About JT Singh

Media artist and urban futurist. With representative works of Enter Pyongyang, Shanghai Forever, JT Singh is also the co-founder of platform City of Humans for consulting on urban sustainable development and raising solutions.

Hearts of Craftsmen

On a rainy morning, I arrived at my appointment at Zhou Zhuguang’s HANART Qipao Couture Workshop. It was hard to imagine such a seemingly humble workshop hides such a spacious room inside. Half of the wall in the corridor was covered with old photos dated with the year and months of “the Republic of China” at the right corner. Turn to the left and you see a tea lounge where various qipao were listed, rendering a distinctive brilliance. Zhou carefully removed one piece of the qipao and placed it in front of me. With a closer look, I saw those crossed stitches lying in or - der and the embroidery carried out with such intricacy and complexity, far beyond an ordinary qipao. "This piece of qipao was created under the guidance of master Zhu Hongsheng, who has been working on qipaos for more than 80 years, and his craft skills distinguish himself in careful observation." Zhou continued with a smile, "now his eyes are still keen, and occasionally he does some ‘measuring scales’ as well”. Then he gently touched the silks and satins, as if the golden tailed phoenix would be scared away with rough handling. "How did you know about Zhu Hongsheng?" I asked. It seemed the scene flashed to his mind suddenly. After a while, he gen-tly hung up the qipao and slowly told with longing eyes a story that spanned almost a century.


Craftsman Spirits

Zhou Zhuguang was born into a tailoring family. Before meeting Master Zhu, Zhou’s family had always been the biggest exporter of qipao garments in Shanghai with a thriving business. In 1998, Zhou accidentally met eighty-year-old Zhu Hongsheng, and Zhu frankly told Zhou: "If you want to work in the qipao industry, you should target haute couture." The master's words struck Zhou at once. Zhou quickly established HANART Haute Couture qipao Workshop, recruiting many elites and retained inherent Chinese techniques under the guidance of Master Zhu, which was highly acclaimed the world over. At the same time, Zhou promoted the international spread of Chinese qipao by initiating the "Shanghai Haute Couture Qipao" project of Shanghai Fashion Accessories Society, which left a profound influence. Zhou’s idea came from the words of his mentor . “The old man said the inheritance of national techniques shouldn’t fade out with the old generation. He experienced a time full of ups and downs, so he realized what was lacking in our age; the craftsman spirit.” Zhou recounted, lost in thought.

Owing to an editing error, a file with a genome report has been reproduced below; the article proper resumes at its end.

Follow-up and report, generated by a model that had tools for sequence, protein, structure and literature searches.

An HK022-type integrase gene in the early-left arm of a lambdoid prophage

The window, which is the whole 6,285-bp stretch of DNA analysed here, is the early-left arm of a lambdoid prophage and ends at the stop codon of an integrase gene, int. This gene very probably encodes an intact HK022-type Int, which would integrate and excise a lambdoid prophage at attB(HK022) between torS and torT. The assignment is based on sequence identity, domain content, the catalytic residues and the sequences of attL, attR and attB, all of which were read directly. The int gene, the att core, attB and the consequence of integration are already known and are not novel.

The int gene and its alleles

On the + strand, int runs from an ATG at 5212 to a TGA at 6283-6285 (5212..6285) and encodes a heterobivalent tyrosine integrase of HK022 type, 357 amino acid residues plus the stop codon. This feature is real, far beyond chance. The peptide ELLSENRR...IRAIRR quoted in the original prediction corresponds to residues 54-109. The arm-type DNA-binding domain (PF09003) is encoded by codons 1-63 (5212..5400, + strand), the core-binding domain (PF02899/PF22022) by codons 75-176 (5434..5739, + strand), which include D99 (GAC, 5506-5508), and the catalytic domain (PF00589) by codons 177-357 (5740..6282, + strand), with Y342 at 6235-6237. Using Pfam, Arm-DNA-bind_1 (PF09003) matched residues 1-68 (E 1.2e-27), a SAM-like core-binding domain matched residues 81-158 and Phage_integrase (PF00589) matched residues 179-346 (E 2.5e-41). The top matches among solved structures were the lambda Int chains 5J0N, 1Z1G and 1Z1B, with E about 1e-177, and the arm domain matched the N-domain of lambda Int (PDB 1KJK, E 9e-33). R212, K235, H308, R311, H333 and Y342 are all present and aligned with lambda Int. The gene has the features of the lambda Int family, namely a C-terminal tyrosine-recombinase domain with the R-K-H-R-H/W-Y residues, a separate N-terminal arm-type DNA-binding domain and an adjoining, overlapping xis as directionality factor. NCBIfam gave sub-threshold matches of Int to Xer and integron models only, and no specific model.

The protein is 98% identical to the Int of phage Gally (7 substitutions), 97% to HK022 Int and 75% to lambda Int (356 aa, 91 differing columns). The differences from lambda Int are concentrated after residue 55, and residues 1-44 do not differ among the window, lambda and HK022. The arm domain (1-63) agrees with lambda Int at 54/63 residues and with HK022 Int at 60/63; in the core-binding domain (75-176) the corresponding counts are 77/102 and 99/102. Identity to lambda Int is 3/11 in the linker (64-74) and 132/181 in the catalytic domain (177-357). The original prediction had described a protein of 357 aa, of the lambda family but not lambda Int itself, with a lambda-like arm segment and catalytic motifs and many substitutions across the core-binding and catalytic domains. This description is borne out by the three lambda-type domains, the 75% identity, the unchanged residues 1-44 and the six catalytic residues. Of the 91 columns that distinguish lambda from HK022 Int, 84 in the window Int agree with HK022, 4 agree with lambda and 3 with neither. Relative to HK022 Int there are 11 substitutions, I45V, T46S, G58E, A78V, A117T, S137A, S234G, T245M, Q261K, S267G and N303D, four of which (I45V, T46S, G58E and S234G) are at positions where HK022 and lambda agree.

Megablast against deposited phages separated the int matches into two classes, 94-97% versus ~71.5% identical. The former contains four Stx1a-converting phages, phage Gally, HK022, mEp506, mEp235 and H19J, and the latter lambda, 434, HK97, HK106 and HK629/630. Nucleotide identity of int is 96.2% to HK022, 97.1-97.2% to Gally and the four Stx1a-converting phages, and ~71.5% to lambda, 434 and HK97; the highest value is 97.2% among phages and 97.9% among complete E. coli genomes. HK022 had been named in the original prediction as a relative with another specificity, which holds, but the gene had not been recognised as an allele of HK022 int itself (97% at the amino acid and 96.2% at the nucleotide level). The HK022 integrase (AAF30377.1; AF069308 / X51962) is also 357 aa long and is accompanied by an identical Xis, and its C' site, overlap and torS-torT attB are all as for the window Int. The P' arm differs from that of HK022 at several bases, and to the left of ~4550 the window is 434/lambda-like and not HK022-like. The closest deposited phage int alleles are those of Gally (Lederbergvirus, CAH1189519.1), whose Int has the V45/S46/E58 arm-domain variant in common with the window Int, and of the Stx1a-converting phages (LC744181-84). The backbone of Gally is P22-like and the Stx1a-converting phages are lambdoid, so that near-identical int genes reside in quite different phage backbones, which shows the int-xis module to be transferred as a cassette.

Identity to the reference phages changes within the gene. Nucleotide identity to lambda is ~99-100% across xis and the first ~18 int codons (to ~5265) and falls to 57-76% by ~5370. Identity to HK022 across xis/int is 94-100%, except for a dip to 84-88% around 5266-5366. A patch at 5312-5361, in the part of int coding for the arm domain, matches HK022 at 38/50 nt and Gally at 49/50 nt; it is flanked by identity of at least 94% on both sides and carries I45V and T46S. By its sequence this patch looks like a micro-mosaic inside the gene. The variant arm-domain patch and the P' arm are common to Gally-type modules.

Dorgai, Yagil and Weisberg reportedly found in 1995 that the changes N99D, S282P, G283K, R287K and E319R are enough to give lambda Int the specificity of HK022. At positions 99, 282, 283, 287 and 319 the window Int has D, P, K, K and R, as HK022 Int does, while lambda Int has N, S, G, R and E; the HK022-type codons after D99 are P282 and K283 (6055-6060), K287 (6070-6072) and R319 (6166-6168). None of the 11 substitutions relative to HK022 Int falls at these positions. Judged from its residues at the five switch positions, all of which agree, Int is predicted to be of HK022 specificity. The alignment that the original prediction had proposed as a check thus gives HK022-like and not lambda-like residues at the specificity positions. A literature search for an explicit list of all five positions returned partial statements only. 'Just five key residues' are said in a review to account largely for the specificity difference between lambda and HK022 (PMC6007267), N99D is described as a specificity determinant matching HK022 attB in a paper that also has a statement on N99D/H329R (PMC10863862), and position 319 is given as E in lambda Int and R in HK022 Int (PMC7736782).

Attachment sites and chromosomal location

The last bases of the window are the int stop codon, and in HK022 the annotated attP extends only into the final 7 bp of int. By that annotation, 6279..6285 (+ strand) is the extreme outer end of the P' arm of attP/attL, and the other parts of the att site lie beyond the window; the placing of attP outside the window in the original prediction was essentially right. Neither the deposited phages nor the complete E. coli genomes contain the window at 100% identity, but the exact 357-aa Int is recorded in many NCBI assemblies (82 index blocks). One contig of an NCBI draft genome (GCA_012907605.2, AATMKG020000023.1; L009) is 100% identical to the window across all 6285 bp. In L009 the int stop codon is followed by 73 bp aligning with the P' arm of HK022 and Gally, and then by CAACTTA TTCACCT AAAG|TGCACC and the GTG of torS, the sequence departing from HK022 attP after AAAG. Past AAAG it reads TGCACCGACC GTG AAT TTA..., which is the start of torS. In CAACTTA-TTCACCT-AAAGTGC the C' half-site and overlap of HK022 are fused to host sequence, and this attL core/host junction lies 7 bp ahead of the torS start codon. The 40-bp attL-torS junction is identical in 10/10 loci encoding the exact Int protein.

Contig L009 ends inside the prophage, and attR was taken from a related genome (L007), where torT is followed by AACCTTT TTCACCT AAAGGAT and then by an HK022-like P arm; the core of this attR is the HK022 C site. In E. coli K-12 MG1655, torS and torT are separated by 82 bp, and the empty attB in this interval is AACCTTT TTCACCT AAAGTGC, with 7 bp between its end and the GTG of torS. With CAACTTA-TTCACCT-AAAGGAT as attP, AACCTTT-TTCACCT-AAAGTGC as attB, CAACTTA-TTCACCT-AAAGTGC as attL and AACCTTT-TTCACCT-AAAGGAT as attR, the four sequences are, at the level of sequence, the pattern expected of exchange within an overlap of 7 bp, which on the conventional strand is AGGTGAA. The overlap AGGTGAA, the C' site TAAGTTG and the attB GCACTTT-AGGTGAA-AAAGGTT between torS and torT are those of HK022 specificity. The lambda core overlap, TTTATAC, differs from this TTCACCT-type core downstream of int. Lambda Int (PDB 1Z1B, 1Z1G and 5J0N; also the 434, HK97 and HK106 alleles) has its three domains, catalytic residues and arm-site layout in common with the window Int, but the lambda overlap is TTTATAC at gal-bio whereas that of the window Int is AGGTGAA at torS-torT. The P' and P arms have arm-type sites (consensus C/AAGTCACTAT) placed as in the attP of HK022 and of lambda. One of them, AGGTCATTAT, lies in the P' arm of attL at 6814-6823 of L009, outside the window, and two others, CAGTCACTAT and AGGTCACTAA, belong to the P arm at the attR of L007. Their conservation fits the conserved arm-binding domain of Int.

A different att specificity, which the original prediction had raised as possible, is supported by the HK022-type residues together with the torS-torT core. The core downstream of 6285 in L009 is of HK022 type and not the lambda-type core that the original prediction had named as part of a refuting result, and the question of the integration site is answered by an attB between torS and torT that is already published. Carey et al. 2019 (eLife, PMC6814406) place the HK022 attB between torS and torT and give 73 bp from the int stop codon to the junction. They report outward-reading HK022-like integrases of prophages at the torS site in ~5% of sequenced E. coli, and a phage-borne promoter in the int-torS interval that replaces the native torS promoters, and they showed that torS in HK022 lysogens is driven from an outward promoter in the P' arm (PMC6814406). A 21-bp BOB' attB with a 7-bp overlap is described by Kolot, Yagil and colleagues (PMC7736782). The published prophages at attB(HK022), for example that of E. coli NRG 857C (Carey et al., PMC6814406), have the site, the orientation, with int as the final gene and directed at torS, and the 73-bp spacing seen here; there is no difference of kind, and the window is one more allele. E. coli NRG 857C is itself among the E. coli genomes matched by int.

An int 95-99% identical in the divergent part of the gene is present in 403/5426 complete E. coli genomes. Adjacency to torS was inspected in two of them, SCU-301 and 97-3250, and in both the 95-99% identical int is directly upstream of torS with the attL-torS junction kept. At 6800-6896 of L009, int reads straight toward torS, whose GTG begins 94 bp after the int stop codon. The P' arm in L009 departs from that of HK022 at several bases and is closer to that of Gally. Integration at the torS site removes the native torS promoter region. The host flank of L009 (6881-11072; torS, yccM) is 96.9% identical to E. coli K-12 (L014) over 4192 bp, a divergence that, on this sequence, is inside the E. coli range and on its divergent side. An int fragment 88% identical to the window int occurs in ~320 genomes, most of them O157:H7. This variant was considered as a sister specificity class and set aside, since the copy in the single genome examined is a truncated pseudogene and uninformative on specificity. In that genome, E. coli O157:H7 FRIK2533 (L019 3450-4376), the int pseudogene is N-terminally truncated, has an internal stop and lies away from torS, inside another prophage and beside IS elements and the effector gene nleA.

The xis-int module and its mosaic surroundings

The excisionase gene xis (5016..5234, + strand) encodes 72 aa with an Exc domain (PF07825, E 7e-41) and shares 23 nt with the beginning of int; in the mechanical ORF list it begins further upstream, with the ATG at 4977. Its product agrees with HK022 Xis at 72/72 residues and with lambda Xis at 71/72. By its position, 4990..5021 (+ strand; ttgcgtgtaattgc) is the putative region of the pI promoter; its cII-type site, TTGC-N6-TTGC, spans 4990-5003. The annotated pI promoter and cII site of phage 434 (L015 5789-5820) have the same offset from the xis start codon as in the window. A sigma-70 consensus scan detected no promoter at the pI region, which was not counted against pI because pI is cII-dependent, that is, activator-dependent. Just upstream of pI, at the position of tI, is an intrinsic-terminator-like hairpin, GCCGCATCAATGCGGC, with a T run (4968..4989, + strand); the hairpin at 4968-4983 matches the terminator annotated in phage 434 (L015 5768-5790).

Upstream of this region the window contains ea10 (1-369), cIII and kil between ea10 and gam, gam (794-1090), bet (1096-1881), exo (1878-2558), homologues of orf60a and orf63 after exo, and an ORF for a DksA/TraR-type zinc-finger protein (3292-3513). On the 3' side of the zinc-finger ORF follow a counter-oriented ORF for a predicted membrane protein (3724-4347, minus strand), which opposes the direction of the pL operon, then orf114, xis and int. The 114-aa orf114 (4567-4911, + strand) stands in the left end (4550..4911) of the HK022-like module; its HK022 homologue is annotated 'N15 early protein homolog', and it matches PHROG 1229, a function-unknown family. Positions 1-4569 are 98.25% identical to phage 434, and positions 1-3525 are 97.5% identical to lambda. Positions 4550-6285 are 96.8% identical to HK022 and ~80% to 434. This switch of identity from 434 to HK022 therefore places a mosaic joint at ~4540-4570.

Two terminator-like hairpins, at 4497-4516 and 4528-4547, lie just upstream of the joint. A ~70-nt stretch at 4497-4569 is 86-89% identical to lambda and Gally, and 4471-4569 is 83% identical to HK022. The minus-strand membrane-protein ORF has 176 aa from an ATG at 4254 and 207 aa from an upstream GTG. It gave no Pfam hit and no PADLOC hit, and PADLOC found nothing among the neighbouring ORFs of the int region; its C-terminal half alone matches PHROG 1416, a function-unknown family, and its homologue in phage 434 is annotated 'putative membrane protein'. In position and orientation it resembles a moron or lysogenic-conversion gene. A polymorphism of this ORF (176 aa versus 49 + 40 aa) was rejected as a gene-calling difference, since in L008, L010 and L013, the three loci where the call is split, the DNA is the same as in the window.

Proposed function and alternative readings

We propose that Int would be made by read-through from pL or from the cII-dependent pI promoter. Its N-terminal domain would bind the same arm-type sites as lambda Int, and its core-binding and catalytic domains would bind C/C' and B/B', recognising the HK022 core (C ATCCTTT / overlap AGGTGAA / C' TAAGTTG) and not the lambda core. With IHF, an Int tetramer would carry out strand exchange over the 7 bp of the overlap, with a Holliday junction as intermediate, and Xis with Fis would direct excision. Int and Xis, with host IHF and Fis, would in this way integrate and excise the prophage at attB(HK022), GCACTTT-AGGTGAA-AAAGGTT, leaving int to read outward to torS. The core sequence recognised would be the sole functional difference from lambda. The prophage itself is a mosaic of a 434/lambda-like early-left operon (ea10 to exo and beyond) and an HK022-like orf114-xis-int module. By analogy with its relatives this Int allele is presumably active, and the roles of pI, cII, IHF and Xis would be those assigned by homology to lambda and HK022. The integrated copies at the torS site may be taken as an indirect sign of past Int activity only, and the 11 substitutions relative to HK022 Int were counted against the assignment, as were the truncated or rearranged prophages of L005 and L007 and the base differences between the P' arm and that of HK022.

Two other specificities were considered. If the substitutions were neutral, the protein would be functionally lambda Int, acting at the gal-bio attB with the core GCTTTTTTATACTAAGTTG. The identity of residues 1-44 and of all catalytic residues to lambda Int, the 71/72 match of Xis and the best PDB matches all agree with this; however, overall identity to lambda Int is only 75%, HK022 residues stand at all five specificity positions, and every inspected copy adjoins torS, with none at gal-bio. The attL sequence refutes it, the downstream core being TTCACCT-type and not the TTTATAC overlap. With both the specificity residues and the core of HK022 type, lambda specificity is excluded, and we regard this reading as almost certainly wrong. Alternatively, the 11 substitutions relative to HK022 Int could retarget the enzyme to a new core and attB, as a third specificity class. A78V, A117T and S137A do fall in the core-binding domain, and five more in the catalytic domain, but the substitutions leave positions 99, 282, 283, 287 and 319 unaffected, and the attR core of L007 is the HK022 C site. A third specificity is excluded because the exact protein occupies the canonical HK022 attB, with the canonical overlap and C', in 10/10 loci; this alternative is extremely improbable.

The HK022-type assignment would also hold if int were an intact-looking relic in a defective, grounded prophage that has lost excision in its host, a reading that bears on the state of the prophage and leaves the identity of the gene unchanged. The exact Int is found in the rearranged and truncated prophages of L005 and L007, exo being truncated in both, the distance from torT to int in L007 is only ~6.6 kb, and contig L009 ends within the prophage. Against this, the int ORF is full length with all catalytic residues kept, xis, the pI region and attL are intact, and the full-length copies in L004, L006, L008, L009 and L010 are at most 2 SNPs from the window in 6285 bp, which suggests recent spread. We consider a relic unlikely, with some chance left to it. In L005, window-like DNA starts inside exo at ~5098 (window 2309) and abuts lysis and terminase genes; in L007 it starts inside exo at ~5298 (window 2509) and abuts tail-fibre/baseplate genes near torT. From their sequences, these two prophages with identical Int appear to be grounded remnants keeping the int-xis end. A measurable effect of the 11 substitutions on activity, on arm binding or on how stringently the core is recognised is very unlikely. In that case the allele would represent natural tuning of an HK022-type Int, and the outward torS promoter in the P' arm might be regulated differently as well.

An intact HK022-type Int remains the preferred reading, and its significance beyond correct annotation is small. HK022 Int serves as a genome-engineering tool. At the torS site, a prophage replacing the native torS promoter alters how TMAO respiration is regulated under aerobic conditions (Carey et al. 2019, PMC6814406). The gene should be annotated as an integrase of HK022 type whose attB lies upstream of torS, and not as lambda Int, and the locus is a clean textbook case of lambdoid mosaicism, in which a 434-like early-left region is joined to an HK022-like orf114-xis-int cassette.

Later on, Master Zhu won Lifetime Achievement Award awarded by the Shanghai International Fashion Federation last year. For him, the prize came a bit late, but better late than never. 

The master tailor, who was born in 1918, has written his legendary life of qipao career from his apprentice period in Zhu Shunxing tailor’s on the Avenue Road (now Beijing Road) at the age of 16. In that turbulent era, the acquisition of a technique was essential to make a living, and therefore he forged an indissoluble bound with qipao for nearly a century.

Spirit in the Works

During his apprentice period, the young Zhu Hongsheng was always running errands. After his temper was dulled, he began to practice basic techniques like guest reception, tailoring, style design, style selection, sample testing, and the whole process of sewing. Making qipao has its own particularity with a stubborn craftsman spirit inside. The skills required take time and accumulation, definitely not a career for the impatient. During his fight against the tedious process repeated day by day, Zhu spent more time and effort on becoming familiar with craft skills, even making a small plate button took three hours. As he worked, Zhu didn’t even notice the sweat streaming down his face. All the hard work stemmed from the words by his master: the works is themselves, and it is a shame to hand poor works to customers.


Years of practice honed exquisite craftsmanship. After the apprentice period, at only 22 years of age, Zhu Hongsheng made a hollow lace qipao for a famous movie star at that time, Hu Die. The elegant details and exquisite style made him an overnight sensation. At that time, he did not expect this qipao would be on display in New York more than half a century later, exhibiting the beauty of Chinese traditions to the world.

From the end of the 1920s to the 1950s, this is the golden age of Shanghai, and also the golden age of Zhu Hongsheng. The tailor shop was crowded full of guests. Regardless of the surrounding hustle and bustle, Zhu was calm inside. He immersed himself in every stage of the production process, with everything hands-on, so making a piece of embroidered qipao took several months. Perhaps it seemed stubborn and slow, but it hid a kind of adherence and pursuit of perfection of craft skills. It may not be taken for granted, but it must be so.